When the constant voltage circuit 14 is employed, the voltage charged in the capacitor 5 is regulated to constant by the Zener diode ZD3 and the resistor R4 whereby the capacitor 5 is charged by a constant voltage in a positive direction even when the power supply voltage drops. Accordingly, the slope of the charging curve 30 in a positive direction in the capacitor 5 when the power supply voltage is low has the same as that of the charging curve 25 in the positive direction in the capacitor 5 when the power supply voltage is high, the time point T1 when the charged voltage V2 in the positive direction reaches the gate-trigger voltage Vg of the bidirectional switching element 2 when the power supply voltage is low becomes earlier than the time point T2. As a result, as shown in FIG. 15 (d), the conductive domain depicted in a broken line when the power supply voltage is low is the same as that depicted in a solid line when the power supply voltage is high. Accordingly, any reduction of the rotational speed of the AC motor in this embodiment is prevented even when the power supply voltage drops.

Thus function of the constant voltage circuit 14 is executed in the same manner in the first positive charging circuit 6 and the first negative charging circuit 7, and the rotational speed of the motor is prevented from reduction even if the power supply voltage varies in a decreasing direction.

The first and second gate-trigger circuit 12 and 13 are disposed to trigger the bidirectional switching element 2 in positive and negative half cycles of the power supply 1 so that the gate current is reduced, the current consumed by the charging circuits is small to reduce heat generated thereby.

The bidirectional switching element of this invention is not limited to the TRIAC, but may employ a semiconductor such as a MOS transistor or the like.

Thus, according this invention, the negative charging circuit charges the negative half cycle voltage of the AC power supply in the negative direction for each cycle and the positive charging circuit charges the positive half cycle voltage of the AC power supply in the positive direction from the end of the negative half cycle by the negative charging circuit for each cycle to trigger the switching element when the charged voltage reaches the gate-trigger voltage of the switching element, whereby the conductive angle of the switching element may be corrected in accordance with the variations of power supply frequencies, whereby there can be provided a stable load control little affected by variations of power supply frequencies.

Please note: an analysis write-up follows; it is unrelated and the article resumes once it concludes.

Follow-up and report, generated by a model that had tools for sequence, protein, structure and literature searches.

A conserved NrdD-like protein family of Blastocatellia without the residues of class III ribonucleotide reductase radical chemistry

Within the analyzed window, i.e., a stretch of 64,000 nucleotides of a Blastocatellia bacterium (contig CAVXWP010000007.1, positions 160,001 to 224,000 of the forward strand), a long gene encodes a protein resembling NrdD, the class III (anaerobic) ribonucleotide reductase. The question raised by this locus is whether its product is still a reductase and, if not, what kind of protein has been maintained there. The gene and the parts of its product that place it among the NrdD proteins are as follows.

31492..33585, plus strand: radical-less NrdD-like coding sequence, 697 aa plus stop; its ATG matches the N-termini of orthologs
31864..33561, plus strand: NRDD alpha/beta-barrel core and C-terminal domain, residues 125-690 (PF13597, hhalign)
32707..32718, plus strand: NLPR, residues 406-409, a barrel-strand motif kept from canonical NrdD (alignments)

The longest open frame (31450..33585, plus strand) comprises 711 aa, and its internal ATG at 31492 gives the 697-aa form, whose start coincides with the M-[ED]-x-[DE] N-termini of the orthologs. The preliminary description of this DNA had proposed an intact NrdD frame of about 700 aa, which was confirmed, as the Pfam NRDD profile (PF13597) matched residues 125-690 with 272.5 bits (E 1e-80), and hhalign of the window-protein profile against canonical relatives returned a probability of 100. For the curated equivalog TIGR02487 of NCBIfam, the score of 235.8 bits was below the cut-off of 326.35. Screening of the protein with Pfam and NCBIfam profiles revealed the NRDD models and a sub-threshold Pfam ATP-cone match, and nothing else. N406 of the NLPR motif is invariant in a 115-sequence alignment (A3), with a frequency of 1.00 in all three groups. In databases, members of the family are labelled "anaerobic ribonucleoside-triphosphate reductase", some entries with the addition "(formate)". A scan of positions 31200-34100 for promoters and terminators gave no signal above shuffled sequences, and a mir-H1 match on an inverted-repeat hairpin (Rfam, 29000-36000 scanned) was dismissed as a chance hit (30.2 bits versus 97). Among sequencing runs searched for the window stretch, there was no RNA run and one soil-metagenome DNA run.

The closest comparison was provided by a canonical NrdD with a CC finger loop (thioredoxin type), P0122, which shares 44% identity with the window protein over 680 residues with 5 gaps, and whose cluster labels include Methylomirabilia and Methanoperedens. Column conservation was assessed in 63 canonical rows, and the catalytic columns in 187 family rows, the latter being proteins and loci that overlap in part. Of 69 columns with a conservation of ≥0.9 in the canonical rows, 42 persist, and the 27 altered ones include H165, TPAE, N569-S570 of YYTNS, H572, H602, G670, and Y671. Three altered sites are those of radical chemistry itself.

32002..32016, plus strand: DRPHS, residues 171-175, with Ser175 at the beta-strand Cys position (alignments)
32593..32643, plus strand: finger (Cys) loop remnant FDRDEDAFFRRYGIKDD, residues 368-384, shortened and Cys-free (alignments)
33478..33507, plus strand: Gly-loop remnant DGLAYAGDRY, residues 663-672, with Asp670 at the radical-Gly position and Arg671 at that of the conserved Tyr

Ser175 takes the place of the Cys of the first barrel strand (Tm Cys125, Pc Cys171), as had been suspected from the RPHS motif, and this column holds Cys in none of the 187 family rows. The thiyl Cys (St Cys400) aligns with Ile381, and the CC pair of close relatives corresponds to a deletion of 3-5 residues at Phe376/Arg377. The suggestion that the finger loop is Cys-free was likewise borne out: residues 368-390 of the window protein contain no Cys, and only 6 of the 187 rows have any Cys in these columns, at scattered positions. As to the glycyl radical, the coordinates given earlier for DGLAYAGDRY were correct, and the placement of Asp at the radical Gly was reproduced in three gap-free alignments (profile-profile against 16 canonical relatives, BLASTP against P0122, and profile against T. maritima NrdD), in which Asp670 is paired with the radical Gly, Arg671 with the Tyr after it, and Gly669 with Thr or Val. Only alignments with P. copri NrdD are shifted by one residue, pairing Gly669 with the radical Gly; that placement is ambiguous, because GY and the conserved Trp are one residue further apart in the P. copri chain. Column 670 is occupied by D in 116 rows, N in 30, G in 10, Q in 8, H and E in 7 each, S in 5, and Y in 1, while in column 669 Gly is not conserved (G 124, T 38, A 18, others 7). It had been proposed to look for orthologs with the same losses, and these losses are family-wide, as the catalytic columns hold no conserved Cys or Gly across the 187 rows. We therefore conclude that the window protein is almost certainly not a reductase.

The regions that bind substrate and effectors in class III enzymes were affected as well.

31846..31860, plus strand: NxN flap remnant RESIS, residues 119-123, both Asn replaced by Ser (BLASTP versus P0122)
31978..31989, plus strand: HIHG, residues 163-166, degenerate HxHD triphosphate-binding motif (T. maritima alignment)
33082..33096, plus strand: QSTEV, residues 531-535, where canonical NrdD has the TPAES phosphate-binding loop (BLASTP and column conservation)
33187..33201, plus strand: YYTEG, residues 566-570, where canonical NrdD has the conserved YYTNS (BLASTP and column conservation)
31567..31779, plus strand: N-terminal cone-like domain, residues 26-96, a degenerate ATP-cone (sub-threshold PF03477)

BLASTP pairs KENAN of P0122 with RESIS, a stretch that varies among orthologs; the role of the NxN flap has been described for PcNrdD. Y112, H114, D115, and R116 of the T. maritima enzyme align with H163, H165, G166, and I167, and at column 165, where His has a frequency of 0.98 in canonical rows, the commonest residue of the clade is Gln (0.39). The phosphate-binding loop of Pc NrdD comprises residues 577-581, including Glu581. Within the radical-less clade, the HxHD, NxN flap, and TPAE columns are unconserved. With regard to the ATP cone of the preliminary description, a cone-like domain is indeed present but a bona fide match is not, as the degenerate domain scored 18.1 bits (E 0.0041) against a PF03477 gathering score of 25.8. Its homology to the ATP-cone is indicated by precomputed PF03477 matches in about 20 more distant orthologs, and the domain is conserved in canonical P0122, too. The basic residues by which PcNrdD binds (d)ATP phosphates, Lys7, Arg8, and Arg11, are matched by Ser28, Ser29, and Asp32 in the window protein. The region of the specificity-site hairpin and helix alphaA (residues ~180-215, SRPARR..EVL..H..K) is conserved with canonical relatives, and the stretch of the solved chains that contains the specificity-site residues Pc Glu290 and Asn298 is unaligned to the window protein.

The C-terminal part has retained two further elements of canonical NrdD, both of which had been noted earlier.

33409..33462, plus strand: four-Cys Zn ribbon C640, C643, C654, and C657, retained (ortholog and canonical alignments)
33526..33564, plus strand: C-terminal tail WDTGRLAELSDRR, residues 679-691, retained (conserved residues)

When the limiter circuit is disposed to limit the negative charged voltage in the negative charging circuit, any negative voltage exceeding a withstanding voltage of the negative charging circuit is avoided to be charged, whereby the negative charging circuit is protected from destruction and the capacity of the circuit can be minimized.

When the constant voltage circuit is disposed to keep the current constant which charges the positive charging circuit in a positive direction when the voltage of the AC power supply drops, the power supplied to the load can be stably controlled independently of variations of the power supply voltage even when the supply voltage is varied in a decreasing direction.

When the positive charging circuit includes a circuit logarithmically changing a resistance value including the same of the variable resistor, the driving characteristics of the load may be non-linear. If the load is an AC motor, the rotational speed of the motor is provided with downwardly curved characteristics in which the ratio of speed at the rise of the motor may be minimized and the manipulation of its power tools may be improved.

When the switching element is composed of a main switching element for switching a power supply circuit of the load and a auxiliary switching element for turning on the main switching element, the gate current of the switching element is minimized and a current consumed by the positive charging circuit is decreased to reduce its heat.

When the gate-trigger element conducted by a charged voltage of the positive charging circuit is employed to trigger the switching element, the peak-gate current of the switching element is ensured and the current consumed by the positive charging circuit is minimized, reducing its heat.

While the invention has been described and illustrated with respect to certain embodiments which give satisfactory results, it will be understood by those skilled in the art, after understanding the purpose of the invention, that various other changes and modifications may be made without departing from the spirit and scope of the invention.

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US8344647Jan 1, 2013Patrick Michael KinsellaConverting dimmer switch AC output duty cycle variation into amplitude variation
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Classifications
U.S. Classification323/237, 323/288, 323/242
International ClassificationH02P25/14, H02M5/257
Cooperative ClassificationH02P25/14, H02M5/257
European ClassificationH02M5/257, H02P25/14